Dispatches from Accelerating Community Capital Day at BALLE 2011

August 1, 2011


Accelerating Community Capital Day

At the BALLE conference in Bellingham, Washington, I attended the pre-conference Accelerating Community Capital Day. Considering that the content of the conference is local living economies and the conference this year is in BALLE’s home town, Bellingham, a major piece of the discussion is about place. Bellingham itself has experienced a huge cultural shift to local within the last 50 years that now permeates the town and has saved the economy. So, how do we analyze what our communities need and capitalize on local investments?

Peter Warshall of the Dreaming New Mexico project  did a great job explaining New Mexico’s problems with food security and health issues. A complete analysis by Bioneers of the energy system and agro-ecoregions has clarified how the state can reconcile natural systems with human needs using a systems approach. The resultant “sustainability atlas” changes the way we perceive the issues of deteriorating land and food deserts by visualizing the lay of the land in a new way. Bioneers connected complementary agro-ecoregions to extend the seasonality of growable crops and better meet market needs. This has allowed DNM to develop a successful foodsheds program that feeds the people, restores the land, and improves the economy. In the process new forms of stewardship have been created, making ranchers and farmers into managers of the land. An MA certificate program has been designed to further these issues by teaching how to heal the land and the community at an advanced level.

La Montanita is co-op food market serving a 300-mile wide radius around Albuquerque, New Mexico. The warehouse is at the intersection of Interstate 40 going East-West, and Interstate 25 headed North-South. La Montanita is a well-functioning program, setting the infrastructure for future programs. The program addresses previous food system uncertainties by pre-paying food producers and offering volunteers consumer discounts. The innovatively structured fund, LaM FUND, expands the pre-payment loan program and enables grassroots investment in the program and in the community. Investors purchase interests from a cooperatively-pooled, federally- insured account, and income generated is then proportionately distributed on the basis of the number of interests purchased.

The Local Investing Opportunities Network (LION) is another highly-esteemed, place-based, innovative fund structure, in East Jefferson County, Washington. Small city, Port Townsend, has successfully attracted citizen involvement with a one-to-one investment program in businesses that enliven the community, like restaurants and schools. Local entrepreneurs submit an application and member investors decide individually if they choose to invest their own money into the project. So far there have been zero defaults on loans and investments have been made in about 60% of the projects submitted.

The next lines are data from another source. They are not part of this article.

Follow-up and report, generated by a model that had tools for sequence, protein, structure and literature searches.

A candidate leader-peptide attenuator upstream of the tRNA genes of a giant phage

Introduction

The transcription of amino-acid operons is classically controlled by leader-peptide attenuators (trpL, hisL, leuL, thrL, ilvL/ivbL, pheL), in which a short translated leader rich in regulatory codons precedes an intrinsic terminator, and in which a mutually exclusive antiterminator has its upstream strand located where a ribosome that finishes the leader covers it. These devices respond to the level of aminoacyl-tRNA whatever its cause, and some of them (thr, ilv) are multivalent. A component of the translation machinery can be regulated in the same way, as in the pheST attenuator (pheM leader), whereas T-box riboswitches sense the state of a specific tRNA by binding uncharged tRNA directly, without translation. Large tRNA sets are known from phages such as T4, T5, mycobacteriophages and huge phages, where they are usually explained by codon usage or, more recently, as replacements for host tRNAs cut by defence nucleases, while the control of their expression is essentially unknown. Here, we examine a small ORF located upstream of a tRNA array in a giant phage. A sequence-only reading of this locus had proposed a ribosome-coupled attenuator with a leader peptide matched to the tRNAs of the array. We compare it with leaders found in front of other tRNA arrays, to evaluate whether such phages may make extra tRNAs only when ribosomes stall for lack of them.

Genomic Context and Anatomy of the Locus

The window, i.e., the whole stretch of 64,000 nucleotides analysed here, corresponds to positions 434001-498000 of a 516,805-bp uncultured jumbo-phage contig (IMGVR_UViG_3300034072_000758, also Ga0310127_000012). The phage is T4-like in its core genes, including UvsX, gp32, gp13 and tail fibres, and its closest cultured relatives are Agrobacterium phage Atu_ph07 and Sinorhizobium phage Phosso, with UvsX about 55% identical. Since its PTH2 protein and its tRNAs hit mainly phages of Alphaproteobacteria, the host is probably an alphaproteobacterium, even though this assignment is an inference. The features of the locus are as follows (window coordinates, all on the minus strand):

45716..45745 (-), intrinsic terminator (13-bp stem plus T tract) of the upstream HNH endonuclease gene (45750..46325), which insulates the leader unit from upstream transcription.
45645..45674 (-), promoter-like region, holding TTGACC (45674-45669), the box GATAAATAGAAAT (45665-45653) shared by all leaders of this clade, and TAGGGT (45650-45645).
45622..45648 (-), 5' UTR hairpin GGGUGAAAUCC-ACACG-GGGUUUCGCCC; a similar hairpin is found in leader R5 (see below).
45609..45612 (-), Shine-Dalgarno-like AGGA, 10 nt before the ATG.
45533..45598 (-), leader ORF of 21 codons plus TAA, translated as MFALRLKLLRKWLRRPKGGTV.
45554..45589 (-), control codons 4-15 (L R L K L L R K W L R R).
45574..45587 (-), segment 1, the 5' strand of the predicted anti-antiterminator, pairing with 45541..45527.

Such presentations at BALLE Accelerating Community Capital Day explore the question of what it truly means to be a community investor. As demonstrated, strong value chains are able to lower risk and thus bring such investments into the mainstream. With local food systems as an overarching theme, it is quite literally about putting your money where your mouth is. See Don Shaffer of RSF Social Finance’s closing day remarks to learn what you can do to accelerate your community’s capital.

BALLE Conference Opening Session

The 9th annual BALLE Conference Opening Session was all about connectedness.   This year, BALLE invited participants to its home in Bellingham, Washington. Executive Director, Michelle Long’s extremely passionate, momentarily teary-eyed speech laid out our common framework: big picture thinking; cooperation and collaboration; expanding local ownership; joining regional resources to regional needs; empowering entrepreneurs in sustainable communities; and, most importantly, together bringing these ideas to scale.

Her goals for BALLE are to interconnect local economies in a diversified network, to link leaders, unleash innovation, and attract investment. Our current paradigm disconnects and isolates us, forcing us to work even harder for change while feeling all alone trying. The BALLE network has been designing lesson plans and building support systems to change this, gaining tremendous momentum over the past year in particular.

With over 600 attendees at the 2011 conference, the energy is kinetic and movement is on the rise.

As Conference Keynote Speaker Jason McLennan of the International Living Future Institute ( stressed, “fundamental change is required.” The living buildings that he ingeniously assembles, although capably self-sufficient, rely on living economies within. The goal is to connect buildings and develop cities that support and nurture “green” lives.

We are forging a relationship economy of co-dependency and collaboration. Resilience requires us to diversify.  With “no room for growth,” that implies working continually towards greater efficiency, stretching limited resources.